Chapter 18 Review

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# Chapter 18 Review - PowerPoint PPT Presentation

Chapter 18 Review. Place these notes into your Meteorology Notebook. The number of grams of water vapor in the air is called the specific humidity. Example: 16 g/kg.

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## Chapter 18 Review

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### Chapter 18 Review

Place these notes into your Meteorology Notebook

A comparison of the actual amount of water vapor in the air with the maximum amount of water vapor that can be present in the air at a given temperature and pressure is called relative humidity.

The specific humidity of air is 16 grams per kilogram, and the capacity of the air is 80 grams per kilogram, the relative humidity is 20%. Or: The specific humidity of air is 24 g/kg, and the capacity of the air is 80 g/kg, the relative humidity is 30%.

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= Relativehumidity

Specific humidity of air in g/kg

Capacity of air in g/kg

24 g/kg

80 g/kg

0r

16 g/kg

80 g/kg

-----------------

= Relative humidity @ 30%

-----------------

= Relative humidity @ 20%

Condensation of water vapor in the air occurs when the temperature drops below the point at which the air’s capacity to hold water and specific humidity are the same. (dew point)

Fog droplets remain suspended in air because they are supported by slight movements of air. ad “toward” and vection “to bring”

Particles that do not usually act as condensation nuclei are ozone particles.

Dust, smoke, salt, sulfur, nitrate particles all act as condensation nuclei.

The temperature at which condensation begins is called the dew point.

If both wet-bulb and dry-bulb thermometers read the same, the air is considered to be saturated.

The moist-adiabatic lapse rate is much slower than the dry-adiabatic lapse rate.

Dry: unsaturated air cools at 10ºC/kilometer

Moist: saturated air cools varying from 5ºC/km to 9ºC/km. p.399

As air rises, the approximate rate of cooling if no water condenses is 10ºC/kilometer.

In a cumulonimbus cloud, heat from condensation keeps the rising air inside the cloud warmer and less dense than the air around it.

When the temperature of a cloud is below -20ºC, the cloud consists almost entirely of snow and ice crystals.

A stratus cloud forms in stable air.

Clouds can form in any altitude in the troposphere.

If a cumulus cloud does not have a continuous supply of moist, warm air, it may evaporate.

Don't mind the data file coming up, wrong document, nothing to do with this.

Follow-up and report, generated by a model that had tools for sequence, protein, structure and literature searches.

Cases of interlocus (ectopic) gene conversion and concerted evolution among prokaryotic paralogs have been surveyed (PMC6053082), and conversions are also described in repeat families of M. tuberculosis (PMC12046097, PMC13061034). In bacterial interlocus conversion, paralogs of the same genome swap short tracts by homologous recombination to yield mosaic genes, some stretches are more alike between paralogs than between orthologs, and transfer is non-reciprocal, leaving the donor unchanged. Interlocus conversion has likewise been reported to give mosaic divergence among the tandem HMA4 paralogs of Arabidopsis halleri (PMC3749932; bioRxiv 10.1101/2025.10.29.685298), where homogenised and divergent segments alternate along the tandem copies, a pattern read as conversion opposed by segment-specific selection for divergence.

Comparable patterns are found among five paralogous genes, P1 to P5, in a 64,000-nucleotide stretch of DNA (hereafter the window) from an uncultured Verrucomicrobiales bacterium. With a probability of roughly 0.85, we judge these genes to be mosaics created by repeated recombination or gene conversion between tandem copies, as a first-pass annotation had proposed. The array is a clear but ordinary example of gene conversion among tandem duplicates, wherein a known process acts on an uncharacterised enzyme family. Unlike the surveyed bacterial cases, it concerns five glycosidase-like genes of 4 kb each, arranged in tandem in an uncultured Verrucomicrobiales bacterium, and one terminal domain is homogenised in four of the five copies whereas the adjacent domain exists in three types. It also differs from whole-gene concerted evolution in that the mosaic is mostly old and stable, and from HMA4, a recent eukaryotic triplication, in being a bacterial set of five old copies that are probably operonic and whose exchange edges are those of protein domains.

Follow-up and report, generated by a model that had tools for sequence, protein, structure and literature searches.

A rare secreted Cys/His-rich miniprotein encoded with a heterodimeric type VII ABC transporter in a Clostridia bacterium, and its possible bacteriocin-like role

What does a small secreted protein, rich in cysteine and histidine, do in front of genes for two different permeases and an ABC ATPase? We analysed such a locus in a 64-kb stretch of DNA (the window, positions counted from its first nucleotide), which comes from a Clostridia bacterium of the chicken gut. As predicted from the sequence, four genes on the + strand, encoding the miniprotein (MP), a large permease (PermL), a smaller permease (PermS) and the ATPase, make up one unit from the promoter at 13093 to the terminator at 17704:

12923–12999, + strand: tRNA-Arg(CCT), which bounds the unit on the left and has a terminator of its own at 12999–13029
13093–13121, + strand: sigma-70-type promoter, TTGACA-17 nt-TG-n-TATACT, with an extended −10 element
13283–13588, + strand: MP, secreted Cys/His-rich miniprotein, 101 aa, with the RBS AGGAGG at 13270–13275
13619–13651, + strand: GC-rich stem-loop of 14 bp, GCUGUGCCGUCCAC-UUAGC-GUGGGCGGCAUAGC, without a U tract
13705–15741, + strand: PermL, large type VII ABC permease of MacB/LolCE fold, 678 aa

(Watch this example)

Meteorologists predict the condensation level and how tall clouds will grow by considering the air temperature at different elevations, the dew point, and the cooling rate of rising air.

Fog is not considered to be a major form of precipitation.

Advection fog will form when warm, moist winds blow over snow covered ground.

(Watch this animation)

Clouds will contain water droplets of various sizes. Some large; some small.

The dark gray layers of clouds that produce a steady rain are nimbostratus clouds.

Air Movement

Condensation Level

Artificial rainmakers where invented and used during WWII to created inclement weather so enemy aircraft could not see their targets (In Theory). Silver iodide was used as condensation nuclei in this process.

Essay #1

What types of clouds will form when a body of warm, moist air rises to a region of dry, stable air? Explain why and how they form.

Cumulus clouds will form.

Cumulus clouds grow vertically.

Warm air rises and cools, causing condensation.

Clouds grow upward until temperature and density of inside of cloud is same as outside air.

Essay #2

Explain how ice crystals grow in a cloud. Under what conditions will ice crystals fall as snow? Under what conditions will the ice crystals form hail?

Upper layers of clouds contain ice crystals and super-cooled droplets. As super-cooled droplets evaporate, the water vapor is deposited on ice crystals. Heavy crystals fall, clumping together to form snow.

If the snow doesn’t fall through a layer of warm air that melts it into rain, it may reach the ground as snow .

Hail forms when a growing ice crystal is kept aloft by updrafts and continues to grow into a large ice clump. Bonus points: As the hail is carried up it then refreezes adding to its diameter. Bonus: Show a drawing depicting this concept.

http://www.classzone.com/books/earth_science/terc/content/visualizations/es1805/es1805page01.cfmhttp://www.classzone.com/books/earth_science/terc/content/visualizations/es1805/es1805page01.cfm